If we were born in paradise, eve would have had all the advantages of reason in full command; but we could not have looked forward to such equipment as was given to Adam as head of the race. There would still have been school days, and plenty of them. We would have acquired our knowledge through the senses, we would have had to discover things for ourselves, be taught by others and so, bit by bit, pick up full knowledge. It would have been a much easier job, it is true, than it is today: {or nothing, either in ourselves or in the outside world, would have interfered with the process of learning -- no day dreaming, no laziness, no heat, cold, hunger, thirst or stomach-ache.

His will, his justice and his peace

For all his cleverness, Adam might have been a very unpleasant person, even a holy terror in the Garden of Eden, if he were not also a very holy man. As he was created, his will was good. Moreover, there would have been no point to God's delaying the gift of supernatural life, keeping Adam cooling his heels as he dawdled about the meaningless tasks of a purely natural life; Adam was created in sanctifying grace and, as he was destined to glory as the angels were, there was no reason why he should not have started off earning his reward immediately. In fact, this sanctifying grace and consequent total subjection to God were the foundation of the whole perfection of Adam's state.
With sanctifying grace, he had all the virtues, though, indeed, those that implied some imperfection never flowered into action until after he had sinned. How could he be penitent who had committed no sin; or what field was there for mercy in a place that knew no misery? The virtues that did bloom into acts produced acts that, considered in themselves, were much more worthy of merit than ours are; for the perfection of his nature removed all obstacles to grace and all possible imperfection in his works, whereas with us there is the constant pull of the sensible world, the difficulty of attention, the flabbiness of our will. Still, because our acts are sometimes so difficult to place, the very doing of them indicates a much greater willingness, even eagerness, than if they were produced with an ease that made close attention entirely unnecessary.

It might seem difficult to understand how a man as intellectually and morally perfect as Adam could have sinned if we did not know that the sublime perfection of the angels was not proof against sin, and if we could scrape up any sufficient cause of our own sins other than our own free will. The sin of Adam will be treated at length in the second volume of this work under its proper title of original sin. Here it is enough to notice that we are in no position to sneer at Adam. If we had been born in paradise we too would have been born in sanctifying grace, for that original justice of Adam's was a gift to the whole human species, it was not a personal thing for Adam alone; and grace was the foundation of original justice. We, too, would have had the fullness of virtue, as Adam had; and, like him, we could have lost it if we made up our minds to lose it. Heaven would not have been guaranteed, nor would hell have been an impossibility for us; such complete security comes only from the vision of God which is the end, not the beginning, of human life. Indeed, the odds are that some of us would have sinned even if Adam had never offended God; and our sin would have had the same tragic consequences for our children that Adam's had for his. We would have lost the extraordinary gifts for ourselves; of course we could not give to our children what we ourselves no longer possessed.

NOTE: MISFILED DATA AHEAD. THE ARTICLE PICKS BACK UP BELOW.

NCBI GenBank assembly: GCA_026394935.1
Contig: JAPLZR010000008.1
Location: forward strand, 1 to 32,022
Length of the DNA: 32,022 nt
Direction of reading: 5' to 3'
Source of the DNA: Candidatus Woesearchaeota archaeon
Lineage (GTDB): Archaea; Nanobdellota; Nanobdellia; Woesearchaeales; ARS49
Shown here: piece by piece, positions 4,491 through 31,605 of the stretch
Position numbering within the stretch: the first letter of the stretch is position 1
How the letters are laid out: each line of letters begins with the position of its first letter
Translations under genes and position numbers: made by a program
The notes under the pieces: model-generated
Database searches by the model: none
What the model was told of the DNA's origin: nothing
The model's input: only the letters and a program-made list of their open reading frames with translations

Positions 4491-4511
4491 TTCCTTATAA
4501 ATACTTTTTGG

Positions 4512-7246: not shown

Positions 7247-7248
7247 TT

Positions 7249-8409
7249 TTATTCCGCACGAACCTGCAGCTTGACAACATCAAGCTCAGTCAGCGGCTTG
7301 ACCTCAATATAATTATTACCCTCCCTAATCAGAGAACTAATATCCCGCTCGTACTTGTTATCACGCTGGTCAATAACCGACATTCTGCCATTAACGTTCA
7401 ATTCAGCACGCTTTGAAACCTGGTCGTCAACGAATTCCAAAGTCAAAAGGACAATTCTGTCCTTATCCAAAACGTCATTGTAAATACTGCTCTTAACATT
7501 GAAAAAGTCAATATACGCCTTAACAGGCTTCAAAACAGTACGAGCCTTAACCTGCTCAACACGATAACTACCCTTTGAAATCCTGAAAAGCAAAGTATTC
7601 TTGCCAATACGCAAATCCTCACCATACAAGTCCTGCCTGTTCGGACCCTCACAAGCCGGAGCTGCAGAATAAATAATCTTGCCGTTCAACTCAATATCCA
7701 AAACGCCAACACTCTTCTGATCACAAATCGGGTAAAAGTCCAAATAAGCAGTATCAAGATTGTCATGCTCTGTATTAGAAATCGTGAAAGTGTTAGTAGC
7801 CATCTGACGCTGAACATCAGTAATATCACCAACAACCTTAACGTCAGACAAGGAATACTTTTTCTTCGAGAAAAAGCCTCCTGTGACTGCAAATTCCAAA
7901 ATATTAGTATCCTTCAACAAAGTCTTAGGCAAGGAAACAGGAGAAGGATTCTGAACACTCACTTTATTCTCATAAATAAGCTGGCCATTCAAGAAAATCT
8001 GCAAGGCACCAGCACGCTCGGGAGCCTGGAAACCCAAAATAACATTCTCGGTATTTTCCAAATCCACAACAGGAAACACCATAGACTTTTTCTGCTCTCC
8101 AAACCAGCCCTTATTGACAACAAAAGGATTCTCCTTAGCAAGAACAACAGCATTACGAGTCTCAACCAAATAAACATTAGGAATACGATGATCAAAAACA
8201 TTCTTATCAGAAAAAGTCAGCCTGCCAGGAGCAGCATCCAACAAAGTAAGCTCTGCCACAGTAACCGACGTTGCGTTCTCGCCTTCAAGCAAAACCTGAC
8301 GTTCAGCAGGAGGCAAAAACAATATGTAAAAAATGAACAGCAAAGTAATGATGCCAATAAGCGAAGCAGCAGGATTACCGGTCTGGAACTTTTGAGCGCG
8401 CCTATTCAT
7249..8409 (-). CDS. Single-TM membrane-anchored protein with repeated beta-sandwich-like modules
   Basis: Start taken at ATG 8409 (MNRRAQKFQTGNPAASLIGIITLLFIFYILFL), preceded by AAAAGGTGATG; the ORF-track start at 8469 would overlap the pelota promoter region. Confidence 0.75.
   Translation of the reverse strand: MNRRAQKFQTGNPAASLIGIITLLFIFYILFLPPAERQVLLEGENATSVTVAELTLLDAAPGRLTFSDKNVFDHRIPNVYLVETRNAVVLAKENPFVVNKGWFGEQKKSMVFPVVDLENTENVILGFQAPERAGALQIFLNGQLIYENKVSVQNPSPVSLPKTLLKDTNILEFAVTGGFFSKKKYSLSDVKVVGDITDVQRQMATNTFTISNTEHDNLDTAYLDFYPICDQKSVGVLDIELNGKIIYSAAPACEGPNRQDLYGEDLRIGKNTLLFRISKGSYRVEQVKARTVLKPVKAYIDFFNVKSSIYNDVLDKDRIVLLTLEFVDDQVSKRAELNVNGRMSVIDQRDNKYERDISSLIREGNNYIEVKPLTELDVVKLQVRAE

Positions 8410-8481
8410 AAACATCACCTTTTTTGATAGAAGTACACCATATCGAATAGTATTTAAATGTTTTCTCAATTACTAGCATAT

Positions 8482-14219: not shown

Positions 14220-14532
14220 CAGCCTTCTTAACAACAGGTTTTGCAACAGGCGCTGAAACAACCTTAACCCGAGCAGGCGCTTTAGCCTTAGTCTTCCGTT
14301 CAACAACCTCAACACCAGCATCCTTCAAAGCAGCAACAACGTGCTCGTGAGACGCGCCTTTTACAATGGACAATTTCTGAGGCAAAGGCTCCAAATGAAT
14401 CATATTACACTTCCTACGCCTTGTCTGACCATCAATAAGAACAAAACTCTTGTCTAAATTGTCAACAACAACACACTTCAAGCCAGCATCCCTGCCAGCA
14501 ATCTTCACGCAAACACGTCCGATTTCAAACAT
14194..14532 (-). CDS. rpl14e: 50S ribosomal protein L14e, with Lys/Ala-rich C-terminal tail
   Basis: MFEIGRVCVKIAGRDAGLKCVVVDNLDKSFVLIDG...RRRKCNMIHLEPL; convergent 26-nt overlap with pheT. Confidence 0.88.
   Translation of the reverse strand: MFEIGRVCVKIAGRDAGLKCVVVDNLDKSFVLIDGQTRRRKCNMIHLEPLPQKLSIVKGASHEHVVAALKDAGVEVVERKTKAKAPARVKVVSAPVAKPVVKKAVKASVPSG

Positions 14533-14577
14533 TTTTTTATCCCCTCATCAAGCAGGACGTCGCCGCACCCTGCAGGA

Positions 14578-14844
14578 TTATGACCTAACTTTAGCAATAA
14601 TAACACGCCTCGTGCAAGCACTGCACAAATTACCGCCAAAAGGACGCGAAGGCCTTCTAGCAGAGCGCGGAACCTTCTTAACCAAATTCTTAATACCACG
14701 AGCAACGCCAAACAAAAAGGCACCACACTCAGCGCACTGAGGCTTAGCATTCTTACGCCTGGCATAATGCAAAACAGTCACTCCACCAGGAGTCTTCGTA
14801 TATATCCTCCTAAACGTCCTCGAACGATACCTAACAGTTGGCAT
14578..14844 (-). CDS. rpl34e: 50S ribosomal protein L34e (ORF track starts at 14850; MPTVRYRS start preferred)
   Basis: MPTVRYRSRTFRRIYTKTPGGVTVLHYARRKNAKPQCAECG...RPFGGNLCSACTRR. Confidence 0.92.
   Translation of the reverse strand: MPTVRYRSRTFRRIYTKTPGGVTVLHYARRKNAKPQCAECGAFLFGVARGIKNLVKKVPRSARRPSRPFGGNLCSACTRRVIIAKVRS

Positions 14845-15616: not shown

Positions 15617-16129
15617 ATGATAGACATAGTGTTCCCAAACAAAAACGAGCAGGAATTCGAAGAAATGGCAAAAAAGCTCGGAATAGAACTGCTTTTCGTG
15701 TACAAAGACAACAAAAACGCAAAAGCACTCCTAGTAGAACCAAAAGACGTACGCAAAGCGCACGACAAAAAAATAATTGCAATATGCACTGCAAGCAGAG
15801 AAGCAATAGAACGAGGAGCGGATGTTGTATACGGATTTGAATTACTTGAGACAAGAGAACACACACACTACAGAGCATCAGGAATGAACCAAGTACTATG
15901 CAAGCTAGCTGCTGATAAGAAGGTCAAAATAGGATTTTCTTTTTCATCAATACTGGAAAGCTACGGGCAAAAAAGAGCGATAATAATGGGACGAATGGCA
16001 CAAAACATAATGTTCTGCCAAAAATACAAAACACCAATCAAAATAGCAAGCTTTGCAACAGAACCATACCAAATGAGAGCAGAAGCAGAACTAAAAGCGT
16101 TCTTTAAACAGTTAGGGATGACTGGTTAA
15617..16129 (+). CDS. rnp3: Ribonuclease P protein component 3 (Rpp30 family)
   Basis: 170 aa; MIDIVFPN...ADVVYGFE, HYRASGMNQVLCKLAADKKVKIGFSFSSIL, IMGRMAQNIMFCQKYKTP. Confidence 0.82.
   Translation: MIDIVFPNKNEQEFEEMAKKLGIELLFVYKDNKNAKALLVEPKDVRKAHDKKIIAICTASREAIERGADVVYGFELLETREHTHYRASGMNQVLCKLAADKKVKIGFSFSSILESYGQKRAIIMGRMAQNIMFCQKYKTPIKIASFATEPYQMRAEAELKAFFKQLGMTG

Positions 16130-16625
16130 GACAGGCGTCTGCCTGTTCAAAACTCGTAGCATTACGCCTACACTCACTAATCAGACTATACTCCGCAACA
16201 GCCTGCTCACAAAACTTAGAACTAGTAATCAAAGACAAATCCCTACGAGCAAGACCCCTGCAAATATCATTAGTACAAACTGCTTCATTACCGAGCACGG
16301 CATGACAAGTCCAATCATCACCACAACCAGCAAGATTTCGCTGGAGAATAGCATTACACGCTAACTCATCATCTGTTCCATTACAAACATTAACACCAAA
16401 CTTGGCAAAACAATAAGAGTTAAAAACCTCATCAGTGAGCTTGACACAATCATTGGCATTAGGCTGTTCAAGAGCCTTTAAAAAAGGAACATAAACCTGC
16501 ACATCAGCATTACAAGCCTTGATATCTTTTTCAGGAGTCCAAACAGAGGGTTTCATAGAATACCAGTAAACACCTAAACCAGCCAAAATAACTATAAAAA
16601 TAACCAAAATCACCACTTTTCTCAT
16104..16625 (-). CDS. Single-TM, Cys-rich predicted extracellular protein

His physical nature: His passions

During their short stay in the Garden, Adam and Eve got on very well together. Of course they had human passions; they were human, after all, and passion is an integral part of human nature. That they were buoyant with hope, alight with desire, urged on by love was entirely a matter of their own free will, for these passions were under the complete control of reason. It must be admitted, though, that only some of the passions of the milder or concupiscible appetite -- love, desire, hope and joy -- had any place in Eden; the other passions -- anger, despair, hate, fear and all the rest -- presuppose evil and there was no evil in paradise. The battle between flesh and spirit, then, did not get started until the reign of peace that was a part of paradise had come to an end. There were no gluttons or drunkards in Eden, no one cowered in fear or boiled with anger, men were not beside themselves with passion, their intellects clouded, their lives swayed by the sensitive appetite. This was not the way men were started off on their earthly life by God.

Conservation of his life: Food, drink and vital actions

It is not certain whether Adam and Eve used forks; but it is certain that they took time out, now and then, for a bite to eat and a sup to drink. They did not have glorified bodies; in all its essential actions, their human nature was not different from ours. The natural consumption of energy involved in physical activity, the burning up of cells and tissues, demanded constant repair work by way of food and digestion. Moreover in the children, if there had been any, the necessity of growth would no doubt have produced the same prodigious appetites we see in children today.